The 2017 Aston Martin DB11 First Drive
The first Aston of the 21st Century.
Aston Martin has over a century of stunning heritage. It has a state-of-the-art factory and a top-secret skunkworks. It has deep-pocketed investors that maintain a mostly hands-off approach and a straight-talking CEO with a logical plan for the boutique brand’s future—a strategy he refers to as, “Shit or Bust.” It has an ongoing relationship with a world-famous and well tailored, if fictitious, British super-spy. And it has an erudite and exclusive fan base. What Aston Martin hasn’t had is a 21st-century car designed for the modern consumer.
The all-new DB11 is that car.
This two-plus-two grand tourer, the next generation of the DB cars that have formed the backbone of Aston’s post-war legacy, represents the terminus of phase one of Palmer’s three-part program—Survival and Bridging. “With this car,” Palmer told me at the car’s official launch last month, in Italy, “we’re at the end of the beginning.” The plan for the brand’s renaissance will now move on to phase two (Sports Cars). But let's not get ahead of ourselves.
After a day driving a Lightning Silver version of the new car hundreds of miles around the Sienese countryside, "the end of the beginning" seems an intriguing and apt way of describing the DB11. The last DB car available to the public was the DB9; Aston Martin skipped a number when they named this one—an intentional pronouncement of a larger-than-normal break. (There is an Aston Martin DB10, but it was built specifically to appear in the 2015 James Bond film Spectre, and was never put into production.)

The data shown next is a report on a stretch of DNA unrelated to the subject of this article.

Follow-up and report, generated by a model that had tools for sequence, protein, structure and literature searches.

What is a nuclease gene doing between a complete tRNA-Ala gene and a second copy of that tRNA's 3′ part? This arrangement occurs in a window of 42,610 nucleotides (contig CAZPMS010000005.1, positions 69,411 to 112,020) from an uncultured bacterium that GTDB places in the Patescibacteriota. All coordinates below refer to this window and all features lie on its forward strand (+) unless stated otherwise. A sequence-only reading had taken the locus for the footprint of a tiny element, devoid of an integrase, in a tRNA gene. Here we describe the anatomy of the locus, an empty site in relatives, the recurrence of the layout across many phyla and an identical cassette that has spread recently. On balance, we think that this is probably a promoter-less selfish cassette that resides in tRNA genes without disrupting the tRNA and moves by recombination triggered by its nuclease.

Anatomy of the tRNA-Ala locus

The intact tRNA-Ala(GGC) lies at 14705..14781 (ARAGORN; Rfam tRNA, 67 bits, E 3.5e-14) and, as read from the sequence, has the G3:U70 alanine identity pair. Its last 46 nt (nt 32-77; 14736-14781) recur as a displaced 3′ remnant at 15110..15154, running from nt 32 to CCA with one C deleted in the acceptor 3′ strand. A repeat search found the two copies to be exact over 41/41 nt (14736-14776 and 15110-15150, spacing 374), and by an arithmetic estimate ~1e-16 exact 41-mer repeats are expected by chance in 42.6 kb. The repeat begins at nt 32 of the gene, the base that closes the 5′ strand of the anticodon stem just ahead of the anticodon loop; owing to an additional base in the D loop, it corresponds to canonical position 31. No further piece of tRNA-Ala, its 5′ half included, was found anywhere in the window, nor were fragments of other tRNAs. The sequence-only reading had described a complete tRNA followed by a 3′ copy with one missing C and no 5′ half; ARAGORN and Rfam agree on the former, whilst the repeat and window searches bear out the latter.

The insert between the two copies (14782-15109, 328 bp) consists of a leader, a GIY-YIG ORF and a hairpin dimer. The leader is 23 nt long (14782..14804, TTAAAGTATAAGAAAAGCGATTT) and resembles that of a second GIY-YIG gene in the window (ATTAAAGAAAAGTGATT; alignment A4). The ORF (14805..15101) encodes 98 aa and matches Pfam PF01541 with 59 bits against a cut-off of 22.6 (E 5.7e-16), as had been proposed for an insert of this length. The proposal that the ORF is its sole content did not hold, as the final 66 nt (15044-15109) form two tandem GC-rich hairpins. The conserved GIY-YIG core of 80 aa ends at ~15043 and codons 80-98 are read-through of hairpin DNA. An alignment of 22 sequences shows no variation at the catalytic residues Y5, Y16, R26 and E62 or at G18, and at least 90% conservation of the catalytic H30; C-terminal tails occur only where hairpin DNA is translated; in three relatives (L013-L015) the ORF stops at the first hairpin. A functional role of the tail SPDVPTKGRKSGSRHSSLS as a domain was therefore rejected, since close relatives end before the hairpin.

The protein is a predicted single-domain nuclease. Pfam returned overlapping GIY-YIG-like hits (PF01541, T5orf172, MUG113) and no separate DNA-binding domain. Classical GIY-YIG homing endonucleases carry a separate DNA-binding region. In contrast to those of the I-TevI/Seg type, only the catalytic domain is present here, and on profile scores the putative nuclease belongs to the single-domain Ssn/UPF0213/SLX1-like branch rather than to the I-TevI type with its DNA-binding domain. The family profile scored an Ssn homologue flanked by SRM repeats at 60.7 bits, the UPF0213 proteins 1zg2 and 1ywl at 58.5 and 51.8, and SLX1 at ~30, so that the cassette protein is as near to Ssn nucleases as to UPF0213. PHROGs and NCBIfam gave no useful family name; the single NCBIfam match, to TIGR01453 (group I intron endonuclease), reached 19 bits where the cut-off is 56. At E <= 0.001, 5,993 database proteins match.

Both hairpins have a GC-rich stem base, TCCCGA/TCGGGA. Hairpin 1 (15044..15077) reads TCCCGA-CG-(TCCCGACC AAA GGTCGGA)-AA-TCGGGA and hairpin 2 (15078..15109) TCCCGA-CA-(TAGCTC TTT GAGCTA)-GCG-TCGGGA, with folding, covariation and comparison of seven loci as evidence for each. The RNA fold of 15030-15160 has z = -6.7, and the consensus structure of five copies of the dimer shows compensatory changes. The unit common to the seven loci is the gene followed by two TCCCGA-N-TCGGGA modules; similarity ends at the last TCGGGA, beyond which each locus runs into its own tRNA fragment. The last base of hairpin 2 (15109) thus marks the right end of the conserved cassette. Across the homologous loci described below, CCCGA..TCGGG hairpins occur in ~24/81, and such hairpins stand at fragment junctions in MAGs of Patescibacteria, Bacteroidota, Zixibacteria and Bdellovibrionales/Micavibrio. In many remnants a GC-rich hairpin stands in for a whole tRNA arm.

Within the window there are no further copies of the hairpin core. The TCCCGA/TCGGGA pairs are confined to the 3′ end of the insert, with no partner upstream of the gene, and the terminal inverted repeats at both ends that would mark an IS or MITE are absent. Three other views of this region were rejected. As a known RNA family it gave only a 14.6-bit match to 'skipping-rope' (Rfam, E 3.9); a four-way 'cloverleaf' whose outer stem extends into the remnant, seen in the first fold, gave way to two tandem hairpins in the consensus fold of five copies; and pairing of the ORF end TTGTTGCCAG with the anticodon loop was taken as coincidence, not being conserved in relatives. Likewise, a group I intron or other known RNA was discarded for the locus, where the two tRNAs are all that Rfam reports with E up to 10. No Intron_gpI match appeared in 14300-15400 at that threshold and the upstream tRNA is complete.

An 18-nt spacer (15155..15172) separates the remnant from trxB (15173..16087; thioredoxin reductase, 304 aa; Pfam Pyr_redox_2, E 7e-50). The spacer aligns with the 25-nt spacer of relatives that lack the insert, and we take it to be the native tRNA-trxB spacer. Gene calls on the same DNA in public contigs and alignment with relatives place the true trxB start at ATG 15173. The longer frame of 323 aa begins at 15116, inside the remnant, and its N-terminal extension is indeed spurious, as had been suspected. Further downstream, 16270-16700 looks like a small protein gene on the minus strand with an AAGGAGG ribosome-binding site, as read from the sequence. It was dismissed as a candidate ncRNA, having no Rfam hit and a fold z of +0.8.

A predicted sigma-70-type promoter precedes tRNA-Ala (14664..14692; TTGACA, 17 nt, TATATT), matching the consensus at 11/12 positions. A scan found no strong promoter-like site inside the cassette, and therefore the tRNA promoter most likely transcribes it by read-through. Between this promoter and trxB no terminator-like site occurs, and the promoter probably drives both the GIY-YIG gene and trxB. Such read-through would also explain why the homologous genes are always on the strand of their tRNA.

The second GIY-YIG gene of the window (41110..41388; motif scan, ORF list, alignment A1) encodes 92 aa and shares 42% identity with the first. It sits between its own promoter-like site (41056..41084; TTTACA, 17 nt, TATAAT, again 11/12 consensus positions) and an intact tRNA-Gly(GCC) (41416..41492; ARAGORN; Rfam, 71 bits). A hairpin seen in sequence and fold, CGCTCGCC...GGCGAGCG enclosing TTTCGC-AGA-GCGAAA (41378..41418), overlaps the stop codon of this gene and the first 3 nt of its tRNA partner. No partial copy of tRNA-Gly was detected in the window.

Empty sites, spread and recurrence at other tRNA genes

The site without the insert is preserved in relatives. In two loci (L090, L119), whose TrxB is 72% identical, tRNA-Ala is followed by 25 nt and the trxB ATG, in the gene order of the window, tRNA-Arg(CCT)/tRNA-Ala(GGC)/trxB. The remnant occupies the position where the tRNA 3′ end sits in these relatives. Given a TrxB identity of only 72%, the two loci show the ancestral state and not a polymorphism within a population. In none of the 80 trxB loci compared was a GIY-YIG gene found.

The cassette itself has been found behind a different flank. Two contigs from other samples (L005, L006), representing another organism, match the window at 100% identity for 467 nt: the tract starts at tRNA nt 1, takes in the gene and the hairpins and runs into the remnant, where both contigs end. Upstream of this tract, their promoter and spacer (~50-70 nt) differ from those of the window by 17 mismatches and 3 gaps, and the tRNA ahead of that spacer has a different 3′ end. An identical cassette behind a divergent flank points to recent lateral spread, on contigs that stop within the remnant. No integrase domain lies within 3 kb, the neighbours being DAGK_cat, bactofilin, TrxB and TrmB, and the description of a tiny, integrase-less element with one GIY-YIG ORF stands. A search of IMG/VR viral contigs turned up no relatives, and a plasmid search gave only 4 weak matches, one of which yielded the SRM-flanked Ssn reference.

To this end, unlike it’s charmingly anachronistic predecessor—the interior of which felt like a faded Mayfair hotel suite begrudgingly renovated by a corporate parent—the DB11 cossets like a $300,000 hand-built British car should. It hosts blemish-free Bridge of Weir leathers brogued like a pair of Barker Blacks, exotic wood marquetry fit and finished to rival Ince and Mayhew, and a hood ornament hand-cast in copper, chrome-plated, and enameled by a skilled Birmingham jewelry maker.
Yet underneath all this finery, the real surprises lurk. These come in the form of true technological sophistication—big news from a brand whose last great early adoption was the digital instrument panel in the (disastrous) 1970s Lagonda. The DB11 sports Bilstein’s latest active dampers for less stiffness and more stickiness. It hosts customizable suspension and powertrain settings, each with a trio of distinct modes, and features a brake-based torque vectoring system to keep the wheels rotating optimally in and out of corners. It integrates a clever "virtual spoiler" that feeds air slipping around the sculpted C-pillar into a downforce-generating diffuser atop the boot. And its electronic architecture is underpinned by recent investor Mercedes-Benz’s technical talents, and consists of a very functional COMAND-based infotainment system, a haptic (but not hectic) HVAC interface, and an analog-style digital speedometer, all with unique and elegant fonts that read in the superlative, Germany-does-Great Britain style perfected by Volkswagen’s designers at Bentley, and BMW's at Rolls-Royce. If this presages, as it might, an eventual Daimler acquisition, I’m good with that.
But the heart of the matter, quite literally, is Aston’s all-new V-12. Set so far back in the long, sculpted hood that its rests entirely behind the front axle, and downsized from the outgoing 6.0 liters to a new 5.2-liter displacement, the engine is fitted with a pair of turbochargers to maximize power or efficiency (but not likely both at once). It's without question the car’s top tier sensorial delight.